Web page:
I’m a self-employed handyman and, like many in my line of business, Christmas/New Year is a quieter time. So when my wife Nicky (a COAM gardening volunteer) spotted an appeal in the volunteer newsletter for someone to repair a recently donated 1950s doll’s house, she suggested it would be a good project to keep me occupied until paid work built up again. The doll’s house was duly collected from the Museum and set up on the dining room table for what I was sure would only be a few days. Two things then conspired to turn this simple time filler into a five month project: firstly, four tropical storms in as many weeks led to a flood of requests for repairs to fences and shed roofs and suddenly my empty diary was full again; secondly, an initial inspection revealed that the work required to the doll’s house was more extensive than I had anticipated. This ‘blog’ is therefore to explain what’s been happening, for the benefit of those at the Museum who may have been wondering where their new exhibit had got to.
The first job was to test and repair the electrical circuits so the lights could be made to work again. After much investigation and tracing of the delicate wires, the fault was traced to the little switches installed by the original craftsman. Sadly, these therefore had to be changed. Whilst sourcing period correct replacements it seemed sensible to switch to LED bulbs. However, these are polarity sensitive and not all the bulb holders were wired the same way, so I had to switch back to ordinary bulbs rather than disturbing the old wires and risking damage to them.
Originally, the lights were powered by batteries concealed in the roof void. However, opening up the roof revealed that the original battery set-up was no longer there, so the next idea was to convert the system to mains supply. This would make display easier and cheaper for the Museum. A suitable transformer was installed in the roof-space and behold the lights worked! or at least the upstairs ones did. More fiddling, advice from a BBC engineer and a bigger transformer and, at last, the downstairs lights worked too!
With the lights working it was on to the windows. Three of the panes of ‘glass’ (Perspex) were missing, so a supplier was sourced that could replicate the originals in a very similar period material. Some of the wooden trim was also missing, so new sections were carved to the same dimensions and glued into place. A de-laminated plywood interior door was glued and clamped and the whole house was given a careful clean ‘Repair Shop style’ with cotton buds, water and mild detergent.
Then came the problem of matching the original paint colours. Much experimentation with RAL charts and a lot of help from the local decorating centre finally arrived at near perfect matches for the three main colours, enabling the new trim to be blended in and flaking interior paint to be touched up.
The next job was to stabilise the crumbling external paint. At the time that the doll’s house was built, materials were still in short supply in post-war Britain, so the structure was made from whatever was available. The walls were made from previously varnished recycled plywood. Ingeniously, this was coated in a sawdust and glue mix and painted white to replicate a lime washed pebble-dash render. Unfortunately, over time, the bond between the varnish and the sawdust glue had broken down in places.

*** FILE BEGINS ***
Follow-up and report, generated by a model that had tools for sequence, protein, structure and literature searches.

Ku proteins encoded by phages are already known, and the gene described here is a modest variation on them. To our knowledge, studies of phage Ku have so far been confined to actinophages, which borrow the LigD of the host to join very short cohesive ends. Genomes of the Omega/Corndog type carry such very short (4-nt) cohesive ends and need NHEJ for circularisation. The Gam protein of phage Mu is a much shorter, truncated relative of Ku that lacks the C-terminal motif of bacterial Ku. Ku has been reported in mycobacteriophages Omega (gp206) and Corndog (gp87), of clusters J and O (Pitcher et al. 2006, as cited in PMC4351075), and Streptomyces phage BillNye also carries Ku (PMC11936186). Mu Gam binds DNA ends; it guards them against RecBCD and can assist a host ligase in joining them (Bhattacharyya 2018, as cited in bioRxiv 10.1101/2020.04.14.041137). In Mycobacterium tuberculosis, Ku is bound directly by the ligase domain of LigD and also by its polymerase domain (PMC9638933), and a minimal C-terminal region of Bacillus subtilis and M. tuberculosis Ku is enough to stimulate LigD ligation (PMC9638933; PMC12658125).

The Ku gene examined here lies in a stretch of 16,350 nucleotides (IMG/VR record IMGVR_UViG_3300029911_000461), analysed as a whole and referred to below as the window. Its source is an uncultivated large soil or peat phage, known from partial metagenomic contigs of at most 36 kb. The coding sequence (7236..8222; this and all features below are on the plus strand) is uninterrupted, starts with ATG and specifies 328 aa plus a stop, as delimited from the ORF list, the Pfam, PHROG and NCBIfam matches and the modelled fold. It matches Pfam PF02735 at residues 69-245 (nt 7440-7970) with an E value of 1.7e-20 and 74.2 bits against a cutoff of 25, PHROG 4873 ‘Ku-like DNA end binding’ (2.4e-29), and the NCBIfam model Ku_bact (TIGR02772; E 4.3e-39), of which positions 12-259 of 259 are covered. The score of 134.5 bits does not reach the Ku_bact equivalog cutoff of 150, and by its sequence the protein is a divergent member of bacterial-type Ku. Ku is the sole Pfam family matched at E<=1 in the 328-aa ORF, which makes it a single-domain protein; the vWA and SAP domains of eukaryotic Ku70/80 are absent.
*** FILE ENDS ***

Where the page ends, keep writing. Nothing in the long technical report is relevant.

Large patches of ‘render’ were therefore loose or missing. A coat of diluted PVA glue was applied to the remainder to prevent further deterioration and the guinea pig’s bedding supplies were raided to provide replacement pebbledash to cover the bald patches (Don’t tell Nicky but this needed a quick spin in the food blender to make it a bit finer before it was stuck on).
The final task was to recreate the curtains. It was clear that there had been curtains at some stage, because curtain rails had been cleverly created by stretching springs between nails above each window, but some springs were missing and there were no curtains. At last a chance for Nicky to get involved. Some 1950s style fabric was pulled out of her extensive fabric store in our spare bedroom and the sewing machine was set up. At this point the task obviously became too daunting, so Nicky decided to break her shoulder to get out of it. This left me in charge of the sewing machine, attempting to deliver 10 pairs of something vaguely resembling curtains. Machine sewing is not one of the services I offer my customers, for reasons which would be obvious if you were to take a close look at my handiwork. However, new springs were sourced and the new ‘curtains’ were hung.
Finally, attempts were made to clean the original green velvet carpets, but these had been attacked by moths in the past and were in a poor state. They have been kept, but alternative carpets were fashioned from a new piece of velvet, in a colour matching as close as possible to the original.
And there you have it. A five day time filler that became a five month project, involving several people to provide advice and assistance, but well worth it to preserve the fine handiwork of the original creator and enable it to be shared with new generations.
Written by Jonathan, Museum Volunteer